Adam Wasserman’s Techdirt Profile


About Adam Wasserman

Adam Wasserman has spent the last decade working as a high-level strategist in technology-based product management and business development.

From 2004, he worked as an independent management consultant, assisting high-tech startups and venture capitalists in identifying, validating, and measuring demand for new technology-based products.

From 1998 to 2004, he was CTO for the International Air Transport Association (IATA), building the operations for its online businesses.

Prior to that, Adam was Product Manager of Internet Solutions at MPACT Immedia (which became Bell Emergis), and before that, Enterprise Solution Specialist at SHL Systemhouse. He spent another 7 years as a high-end network and connectivity specialist.

Adam sits on the Advisory Board of Little Animation.

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Adam Wasserman’s Comments comment rss

  • Mar 24th, 2013 @ 7:56pm


    I don't know what they put into the water over there, but whatever it is I hope they keep it up.
  • Mar 24th, 2013 @ 7:22pm

    Very unclear on the legal definitions

    My dear anonymous friend, you do not seem to understand the legal definitions of either privilege or rights.

    Privilege is a special benefit, advantage, or Immunity enjoyed by a person or class of people that is not shared with others. It is an *exemption* from the law, an exception to the normal state of affairs.

    It so happens that this describes copyright pretty well. The form of monopoly that is called copyright is a *temporary* privilege, not a natural right. Look up natural rights.

    On the other hand a right is (as I and others have repeatedly pointed out) is simply an entitlement to something.

    It so happens that citizens of the United States are *entitled* to use any "original work fixed in a tangible medium of expression" at any time without requiring anybody's permission as long as the use of that work meets the four factor analysis for fair use. That is the very definition of a right.

    You have it backwards.
  • Feb 12th, 2013 @ 7:55pm

    Definition of irony. Anyone? Anyone?

    None of those deaths are ironic. And irony does not mean it's simply unexpected. Unexpected means it's unexpected.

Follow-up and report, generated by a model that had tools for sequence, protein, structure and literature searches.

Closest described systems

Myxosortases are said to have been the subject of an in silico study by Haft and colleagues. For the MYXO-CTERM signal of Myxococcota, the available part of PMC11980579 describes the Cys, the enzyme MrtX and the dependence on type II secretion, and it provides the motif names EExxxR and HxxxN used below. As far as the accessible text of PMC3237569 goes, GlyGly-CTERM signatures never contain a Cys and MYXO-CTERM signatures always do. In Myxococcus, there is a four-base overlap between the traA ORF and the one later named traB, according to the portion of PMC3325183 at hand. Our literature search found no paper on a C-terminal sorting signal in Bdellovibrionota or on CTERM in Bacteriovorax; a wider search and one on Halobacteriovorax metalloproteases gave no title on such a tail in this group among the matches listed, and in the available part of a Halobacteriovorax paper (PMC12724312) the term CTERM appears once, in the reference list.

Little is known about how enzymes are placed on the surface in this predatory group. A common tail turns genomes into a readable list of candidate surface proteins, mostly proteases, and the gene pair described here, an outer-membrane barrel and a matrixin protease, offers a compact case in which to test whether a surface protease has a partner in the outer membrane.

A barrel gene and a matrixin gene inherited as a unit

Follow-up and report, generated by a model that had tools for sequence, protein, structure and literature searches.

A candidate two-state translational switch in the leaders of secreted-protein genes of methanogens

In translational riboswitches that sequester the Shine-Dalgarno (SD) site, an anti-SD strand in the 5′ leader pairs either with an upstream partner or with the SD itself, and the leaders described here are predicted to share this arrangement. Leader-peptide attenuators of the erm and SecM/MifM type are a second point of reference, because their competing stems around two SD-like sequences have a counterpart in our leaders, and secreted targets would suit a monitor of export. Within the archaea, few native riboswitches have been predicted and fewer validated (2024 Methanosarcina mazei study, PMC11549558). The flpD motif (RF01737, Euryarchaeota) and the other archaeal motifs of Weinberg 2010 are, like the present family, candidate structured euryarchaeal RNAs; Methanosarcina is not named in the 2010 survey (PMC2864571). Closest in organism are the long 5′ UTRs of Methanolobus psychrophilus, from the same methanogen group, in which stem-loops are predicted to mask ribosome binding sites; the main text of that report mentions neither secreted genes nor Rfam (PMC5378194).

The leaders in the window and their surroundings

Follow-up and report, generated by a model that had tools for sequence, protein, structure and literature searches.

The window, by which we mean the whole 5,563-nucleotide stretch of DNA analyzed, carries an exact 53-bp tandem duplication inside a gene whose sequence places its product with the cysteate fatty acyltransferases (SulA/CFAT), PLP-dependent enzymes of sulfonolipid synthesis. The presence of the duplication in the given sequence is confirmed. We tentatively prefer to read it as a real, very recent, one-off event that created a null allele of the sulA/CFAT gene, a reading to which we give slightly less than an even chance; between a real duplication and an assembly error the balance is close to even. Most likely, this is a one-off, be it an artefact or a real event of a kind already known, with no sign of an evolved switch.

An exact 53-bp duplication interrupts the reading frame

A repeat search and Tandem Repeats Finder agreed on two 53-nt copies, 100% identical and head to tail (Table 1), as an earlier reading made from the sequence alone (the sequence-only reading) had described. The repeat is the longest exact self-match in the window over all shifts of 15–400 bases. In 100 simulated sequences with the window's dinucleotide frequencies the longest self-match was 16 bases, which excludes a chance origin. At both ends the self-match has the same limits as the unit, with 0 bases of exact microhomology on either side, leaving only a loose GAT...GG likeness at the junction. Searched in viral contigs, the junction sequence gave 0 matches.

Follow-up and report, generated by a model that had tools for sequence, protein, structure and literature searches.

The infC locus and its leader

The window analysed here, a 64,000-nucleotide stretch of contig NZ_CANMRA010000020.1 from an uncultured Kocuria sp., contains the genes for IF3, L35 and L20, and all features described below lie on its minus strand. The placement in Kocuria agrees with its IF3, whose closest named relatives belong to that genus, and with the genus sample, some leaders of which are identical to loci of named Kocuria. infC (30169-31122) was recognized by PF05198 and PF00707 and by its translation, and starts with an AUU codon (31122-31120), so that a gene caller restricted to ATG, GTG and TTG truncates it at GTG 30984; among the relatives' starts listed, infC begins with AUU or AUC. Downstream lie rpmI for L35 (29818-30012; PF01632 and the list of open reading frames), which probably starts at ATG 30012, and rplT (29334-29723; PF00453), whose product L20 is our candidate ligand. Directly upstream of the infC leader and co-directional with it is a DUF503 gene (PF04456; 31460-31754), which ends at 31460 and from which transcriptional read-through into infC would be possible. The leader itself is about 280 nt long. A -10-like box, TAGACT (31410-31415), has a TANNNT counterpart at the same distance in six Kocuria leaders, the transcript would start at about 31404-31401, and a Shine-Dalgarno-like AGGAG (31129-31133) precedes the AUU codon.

Irony means the use of words to express the opposite of the literal meaning, or an incongruous result - something that turns out the exact opposite of what one would naturally assume.

    John Alleman living to be 100 years old while some notable health guru died at 50 would be ironic.
  • Nov 21st, 2012 @ 12:36pm


    The bottom line is that humans are terrible at calculating risk.

    As a whole, we are broken machines when it comes to figuring out what we should really be worrying about. I like what Peter Sandman, an expert in risk communications has done, he has redefined risk to make it match the human reality. He says Risk = Hazard + Outrage.

    I wrote a blog post about it. People will always worry about the least likely thing to happen while ignoring what is actually happening *all the time*.

    As out_of_the_blue points out: While the masses worry about a terrorist attack that will never come, they ignore US government restrictions on constitutionally guaranteed freedoms. That is like worrying about dying in an airplane crash while driving on an interstate during Thanksgiving weekend.
  • Jul 17th, 2012 @ 4:39pm

    Re: Re: Re:

    I *so* agree
  • Jul 6th, 2012 @ 9:23am


    I think that this is more than a simple case of corruption.

    I think that US government believes at the highest levels, and in both parties, that the US has lost strategic advantage in manufacturing and every other area except "ideas".

    I think that there is a belief that "ideas" are the US last exportable commodity, and that hegemony must be pursued relentlessly. At all costs.
  • Jun 27th, 2012 @ 5:04am

    Re: Re: Re: Re: anecdote

    @Kashif, I would suggest that you contradict yourself in so much as if original ideas are not possible (a statement I agree with) then it would not be accurate to call an idea scarce.

    It may not be *infinitely* abundant, but it is certainly not scarce.

    1. Insufficient to meet a demand or requirement; short in supply
    2. Hard to find; absent or rare
  • Feb 16th, 2012 @ 9:55pm

    Would he have even cared?

    I like to think not.
  • Feb 7th, 2012 @ 6:38pm

    Is there a lawyer in the house?

    Can somebody tell me why USPTO refers to the "doctrine" of fair use?

    I had always thought that doctrines were legal practice as established by precedent.

    Fair use is a section of the copyright law. It is a legal right. This part at least I am sure of.

    So is it normal to refer to legally guaranteed rights as "doctrine"?
  • Jan 6th, 2012 @ 7:17am


    Is FUDBuster still around?

    Do you still feel that your prior ( ts-that-do-nothing-to-advance-copyright-acts-purpose.shtml) interpretation of the law is the valid one in light of the fact that federal judges disagree with you?
  • Nov 5th, 2011 @ 9:13pm

    Re: Re: What is anonymous?

    I have frequently had opinions that I either hesitated to post or did not post at all for a variety of reasons ranging from a desire to remain civil to a fear of repercussions from the growing police state.